Boxing

Tyson Documentary is a Knockout


I just finished watching the new Mike Tyson documentary “Tyson.” The documentary received limited release earlier this year in movie theaters. I have been hearing a lot about this movie for months. As someone who probably watched every Mike Tyson fight growing up, I was excited to hear about this movie. Needless to say, the movie came out like the Tyson of old and continued with a barrage of knockouts.

As stated above, I remember watching all of Tyson’s fight as a kid. It seemed at the time, that between ESPN and HBO, Tyson was fighting every three months. I got the same feeling watching Mike Tyson enter a ring that I felt whenever I watched Hulk Hogan as a kid. Unlike the Hulkster, none of his fights ever disappointed. I had no idea that Tyson the man would be even more interesting to watch than his fights when I’d get older.

What I remember most about Tyson as a fighter other than his short bouts, was the fear and intimidation. Nobody in either boxing or mixed martial-arts has come close to intimidating his opponents the way Tyson did. It really hit me when he fought Michael Spinks. I expected a hell of a fight considering Spinks was a dominant champion. I’ll never forget the look on Spinks’ face during pre-fight instructions. Here was another world champion looking like he was going to crap in his pants in front of the world. The fight was over before it began.

One thing I forgot about Tyson was his speed. Everyone is well aware of his punching power. Nobody takes anything away from him in that department. Yet, his immortal speed is often overlooked as arguably his best strength as a fighter. As a heavyweight, his speed was just absolutely insane. At his peak, Tyson fought like a flyweight. I don’t think there will ever be another heavyweight that can match the speed of Iron Mike.

I will also never forget the night that Mike lost the title in Tokyo, Japan. I was with friends at a party and the fight was an afterthought. Tyson’s fights were so one-sided that by the time I got older it was just as fun to watch them on replay as it was to watch live. I remember someone casually mentioning (could have been me) that Tyson was fighting. We turned it on and were shocked seeing the knockout. We all went nuts like we all had money on Douglas. It was a moment in sports that could only be appreciated by those that grew up watching Mike fight in his prime.

Tyson’s fall from grace following the fight is well documented. I have probably watched and read more on Mike than any other fighter, yet I learn something new every time. This was probably the best of the bunch of documentaries. What I enjoyed more than anything was hearing Mike recount exactly what was going through his head during the fights. Hearing Mike tell his side of the story, you can almost empathize with him for the famous ear-biting fight with Holyfield. Hearing Mike recount what was going through his head was probably one of the best moments of the film.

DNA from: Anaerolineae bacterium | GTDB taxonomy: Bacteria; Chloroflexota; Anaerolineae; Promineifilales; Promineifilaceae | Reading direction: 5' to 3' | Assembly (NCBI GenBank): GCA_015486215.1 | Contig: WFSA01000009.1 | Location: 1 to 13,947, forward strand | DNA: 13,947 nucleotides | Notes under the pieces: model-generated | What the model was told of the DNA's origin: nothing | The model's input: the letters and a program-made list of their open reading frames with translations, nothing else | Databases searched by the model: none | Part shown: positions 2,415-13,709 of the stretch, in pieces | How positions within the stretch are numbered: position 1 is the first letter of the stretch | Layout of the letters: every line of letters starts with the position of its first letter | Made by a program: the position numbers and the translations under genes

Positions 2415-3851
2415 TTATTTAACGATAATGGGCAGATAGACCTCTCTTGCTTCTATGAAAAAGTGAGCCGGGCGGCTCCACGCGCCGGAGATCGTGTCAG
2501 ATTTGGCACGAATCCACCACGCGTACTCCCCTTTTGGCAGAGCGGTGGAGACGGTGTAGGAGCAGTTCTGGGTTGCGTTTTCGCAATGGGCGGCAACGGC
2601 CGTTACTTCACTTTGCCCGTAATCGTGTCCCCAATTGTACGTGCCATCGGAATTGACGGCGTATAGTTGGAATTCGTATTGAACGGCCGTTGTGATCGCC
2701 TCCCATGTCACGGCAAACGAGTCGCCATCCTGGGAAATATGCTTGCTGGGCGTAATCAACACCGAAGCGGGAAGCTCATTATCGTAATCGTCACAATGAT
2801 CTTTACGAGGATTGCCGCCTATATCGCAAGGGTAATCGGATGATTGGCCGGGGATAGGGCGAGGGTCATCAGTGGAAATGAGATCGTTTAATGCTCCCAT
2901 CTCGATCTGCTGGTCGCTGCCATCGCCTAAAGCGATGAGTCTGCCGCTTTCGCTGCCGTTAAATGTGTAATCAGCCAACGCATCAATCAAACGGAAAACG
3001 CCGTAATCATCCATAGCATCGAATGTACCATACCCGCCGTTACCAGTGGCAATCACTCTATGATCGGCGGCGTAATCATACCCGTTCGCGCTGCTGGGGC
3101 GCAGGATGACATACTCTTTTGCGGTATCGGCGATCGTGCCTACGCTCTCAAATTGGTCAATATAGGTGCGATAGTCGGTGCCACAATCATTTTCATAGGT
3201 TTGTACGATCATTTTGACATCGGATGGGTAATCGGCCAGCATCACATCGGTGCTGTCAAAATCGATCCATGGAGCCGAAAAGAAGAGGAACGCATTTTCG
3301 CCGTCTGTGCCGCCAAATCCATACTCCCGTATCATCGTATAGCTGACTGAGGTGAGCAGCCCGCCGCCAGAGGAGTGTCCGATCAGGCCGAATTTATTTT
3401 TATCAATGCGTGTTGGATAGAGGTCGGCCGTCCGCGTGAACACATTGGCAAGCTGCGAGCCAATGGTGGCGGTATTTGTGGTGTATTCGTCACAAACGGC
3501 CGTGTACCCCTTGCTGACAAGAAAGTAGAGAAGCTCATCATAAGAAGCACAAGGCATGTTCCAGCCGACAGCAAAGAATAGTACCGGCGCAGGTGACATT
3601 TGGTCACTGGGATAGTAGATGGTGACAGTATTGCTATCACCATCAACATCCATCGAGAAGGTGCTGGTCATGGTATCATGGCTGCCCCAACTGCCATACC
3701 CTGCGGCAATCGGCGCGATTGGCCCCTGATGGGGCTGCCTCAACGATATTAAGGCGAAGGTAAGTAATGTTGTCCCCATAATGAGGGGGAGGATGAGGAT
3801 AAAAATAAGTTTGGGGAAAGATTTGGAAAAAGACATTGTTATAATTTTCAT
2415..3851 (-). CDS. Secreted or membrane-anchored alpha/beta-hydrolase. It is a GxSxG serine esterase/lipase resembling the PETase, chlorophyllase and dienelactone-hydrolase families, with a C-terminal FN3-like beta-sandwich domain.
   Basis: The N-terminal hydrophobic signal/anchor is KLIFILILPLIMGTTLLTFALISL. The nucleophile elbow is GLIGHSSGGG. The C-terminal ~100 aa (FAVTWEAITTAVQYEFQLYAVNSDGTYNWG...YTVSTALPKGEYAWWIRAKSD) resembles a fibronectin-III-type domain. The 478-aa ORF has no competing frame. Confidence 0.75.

I don’t know if the film will change anyone’s mind on Mike. I’ll admit that I am a little biased since I grew up watching Mike and maybe cut him a little more slack on things. I have to say the biggest outrage will probably come from his comments about the rape conviction. “I may have taken advantage of women before, but I didn’t this time.” It is going to be hard to evoke any kind of sympathy for Mike after hearing a statement from him like that one.

As I watched the movie I wondered “what if?” What if Mike hadn’t gone to jail? Would he have rebounded, beaten Holyfield, and went back to dominating the sport? He definitely had the skills to do so. However, his mind seemed so out of whack at the time that I don’t know if he would have been in the right place to do what he needed to do to get back to form. I will say this, that whether you like him or not you cannot dispute the fact that he is one if not the greatest heavyweight of all-time. This is an argument you can debate, but is worthy of debate nonetheless.

Whether you like Mike Tyson, hate him, or never watched him box, I would highly recommend the movie. The movie moves fast and covers his entire life. Watching back, you remember just how great of a fighter he was. For me, that is the way I’d like to remember Mike Tyson. For the world, Mike Tyson the man is just too unforgiveable to forgive.

Order Ringside – The Best of Mike Tyson on DVD by clicking here.

Order ESPN Inside Access: Tyson by clicking here.



Eric G.

Eric is the owner and editor-in-chief of the Camel Clutch Blog. Eric has worked in the pro wrestling industry since 1995 as a ring announcer in ECW and a commentator/host on television, PPV, and home video. Eric also hosted Pro Wrestling Radio on terrestrial radio from 1998-2009. Check out some of Eric's work on his IMDB bio and Wikipedia. Eric has an MBA from Temple University's Fox School of Business.

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